As Hill and other parents have learned, the downside of the finger-stick is that it can result in a false positive.
“If there is any dust from lead on your fingertips, [the finger-stick] will pick up that dust and attribute that to your blood,” says Sandel. “The pro of the vein test is that it’s much more accurate because it’s actually measuring the level of lead in the blood.”
For this reason, when a capillary test results in a high lead level reading, doctors order a venous test to confirm whether the blood lead level is actually high.
Laboratory analysis vs. in-office results.
A key distinction between the many different blood lead testing instruments is how quickly they generate results.
Many doctors send samples to a laboratory for analysis. Parents then hear from their pediatrician’s office when the results are ready, which often takes about a week.
A more rapid method, the LeadCare II Blood Lead Test System, that can analyze both venous and finger-stick blood samples, returns results in minutes and can be used in the doctor’s office while the patient waits.
Sometimes doctors have difficulty reaching parents to tell them that a lead test came back high, says Courtney Lias, director of the Division of Chemistry and Toxicology Devices at the Food and Drug Administration. “That access is a real benefit [of this test],” says Lias. “It allows more people to be tested for lead.”
If the test result is high, a doctor can immediately notify parents and discuss steps to remove lead from a child’s environment.
How low is low enough?
Sandel and Cory-Slechta were both on the 2012 CDC Advisory Committee on Childhood Lead Poisoning Prevention that determined that no level of lead, however low, is safe in children.
Prior to 2012, the CDC considered blood lead levels of 10 micrograms per deciliter or higher the trigger for follow-up screening and discussions of how to remove lead from a child’s environment. After the report, the level that should trigger action dropped to 5 micrograms per deciliter or greater.
For children with blood lead level readings below 5, interpreting the results is a bit complicated.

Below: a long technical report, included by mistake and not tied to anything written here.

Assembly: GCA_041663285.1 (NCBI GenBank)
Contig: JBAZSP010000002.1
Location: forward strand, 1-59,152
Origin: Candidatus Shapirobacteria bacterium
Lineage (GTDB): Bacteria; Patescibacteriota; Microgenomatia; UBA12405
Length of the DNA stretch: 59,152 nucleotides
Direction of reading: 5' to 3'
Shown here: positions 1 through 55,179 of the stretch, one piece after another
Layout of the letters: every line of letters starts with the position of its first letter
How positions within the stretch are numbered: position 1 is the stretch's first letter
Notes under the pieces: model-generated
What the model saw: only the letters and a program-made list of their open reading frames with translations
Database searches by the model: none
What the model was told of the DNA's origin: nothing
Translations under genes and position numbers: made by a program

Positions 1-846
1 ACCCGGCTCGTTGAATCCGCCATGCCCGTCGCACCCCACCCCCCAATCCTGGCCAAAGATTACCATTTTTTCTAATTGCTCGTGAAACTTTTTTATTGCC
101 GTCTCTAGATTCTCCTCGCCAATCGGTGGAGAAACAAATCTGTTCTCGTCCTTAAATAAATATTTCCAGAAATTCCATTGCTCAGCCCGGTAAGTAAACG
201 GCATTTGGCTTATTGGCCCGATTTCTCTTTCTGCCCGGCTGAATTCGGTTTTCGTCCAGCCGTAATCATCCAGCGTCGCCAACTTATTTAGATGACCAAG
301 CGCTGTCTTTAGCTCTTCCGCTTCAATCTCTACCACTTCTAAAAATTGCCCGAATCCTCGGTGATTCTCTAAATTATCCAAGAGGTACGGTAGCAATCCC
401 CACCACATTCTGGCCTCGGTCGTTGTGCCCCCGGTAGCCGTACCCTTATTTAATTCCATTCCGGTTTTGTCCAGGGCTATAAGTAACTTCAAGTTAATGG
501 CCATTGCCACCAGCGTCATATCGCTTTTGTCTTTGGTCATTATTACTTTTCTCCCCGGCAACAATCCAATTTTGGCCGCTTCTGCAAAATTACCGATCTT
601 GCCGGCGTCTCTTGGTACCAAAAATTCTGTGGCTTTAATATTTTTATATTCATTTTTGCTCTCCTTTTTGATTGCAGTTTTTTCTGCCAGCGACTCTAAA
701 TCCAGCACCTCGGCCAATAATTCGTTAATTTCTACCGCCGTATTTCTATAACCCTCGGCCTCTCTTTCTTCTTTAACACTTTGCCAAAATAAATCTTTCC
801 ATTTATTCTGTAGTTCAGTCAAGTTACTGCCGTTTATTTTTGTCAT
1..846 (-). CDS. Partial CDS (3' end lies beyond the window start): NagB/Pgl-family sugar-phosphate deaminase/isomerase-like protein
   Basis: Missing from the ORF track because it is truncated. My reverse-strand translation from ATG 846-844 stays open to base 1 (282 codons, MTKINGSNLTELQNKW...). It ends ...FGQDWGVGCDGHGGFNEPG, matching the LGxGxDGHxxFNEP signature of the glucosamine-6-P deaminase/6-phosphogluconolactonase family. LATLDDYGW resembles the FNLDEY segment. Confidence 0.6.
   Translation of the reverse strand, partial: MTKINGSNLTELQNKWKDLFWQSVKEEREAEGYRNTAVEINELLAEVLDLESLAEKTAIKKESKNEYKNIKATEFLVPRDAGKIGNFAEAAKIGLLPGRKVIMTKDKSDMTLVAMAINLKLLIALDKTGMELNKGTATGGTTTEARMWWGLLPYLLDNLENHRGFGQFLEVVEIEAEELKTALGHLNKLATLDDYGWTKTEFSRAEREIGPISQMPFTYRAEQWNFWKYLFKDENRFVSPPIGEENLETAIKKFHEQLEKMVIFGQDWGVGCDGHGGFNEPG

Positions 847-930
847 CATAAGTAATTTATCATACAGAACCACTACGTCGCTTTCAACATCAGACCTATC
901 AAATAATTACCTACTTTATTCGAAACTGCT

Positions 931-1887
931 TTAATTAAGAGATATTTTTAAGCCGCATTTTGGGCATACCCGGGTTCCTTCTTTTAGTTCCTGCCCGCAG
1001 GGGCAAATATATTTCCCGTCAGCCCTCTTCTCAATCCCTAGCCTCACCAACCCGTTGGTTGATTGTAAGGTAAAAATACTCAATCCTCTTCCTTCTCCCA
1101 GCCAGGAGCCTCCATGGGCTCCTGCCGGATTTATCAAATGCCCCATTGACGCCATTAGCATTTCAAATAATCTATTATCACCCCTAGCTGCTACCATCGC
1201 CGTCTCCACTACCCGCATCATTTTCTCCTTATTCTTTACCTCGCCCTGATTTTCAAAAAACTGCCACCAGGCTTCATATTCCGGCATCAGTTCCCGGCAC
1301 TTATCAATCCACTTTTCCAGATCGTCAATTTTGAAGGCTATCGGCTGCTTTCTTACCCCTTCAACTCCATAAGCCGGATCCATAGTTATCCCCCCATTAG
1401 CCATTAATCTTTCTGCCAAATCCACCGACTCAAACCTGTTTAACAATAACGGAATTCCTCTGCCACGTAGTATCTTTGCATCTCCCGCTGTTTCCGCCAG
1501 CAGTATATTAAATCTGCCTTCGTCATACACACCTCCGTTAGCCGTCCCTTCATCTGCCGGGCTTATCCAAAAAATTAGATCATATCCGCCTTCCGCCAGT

A low reading may mean that there is actually no lead in a child’s system at all. “Even the blood testing by the vein is only accurate within 1 or 2 points,” explains Sandel. “So a blood lead level of 2 means that there isn’t any lead, or that it is a point or 2 higher.”
Also, while Sandel, Cory-Slechta and public health advocates say that we as a society could be doing much more to protect children from risk factors like lead paint in older homes, parents may not be able to completely eliminate lead from a child’s environment.
“The reality is that we are somewhat paying the price of industrialization and the fact that the average lead level for kids in the 1970s was 15,” Sandel says. “What has essentially happened is that background exposure from many years ago is still around. Your ability as a parent to totally avoid that lead is really limited.”
The most important things parents can do, Sandel says, is to take whatever measures they can to remove lead from their homes and to make sure that when their children are tested, they actually see the results.
“The assumption is often no news is good news,” says Sandel. She sometimes has parents say that no one called with the results. Even if a blood lead level test comes back low, parents should make sure they see the exact reading. “It’s an important result to know that it was definitively OK.”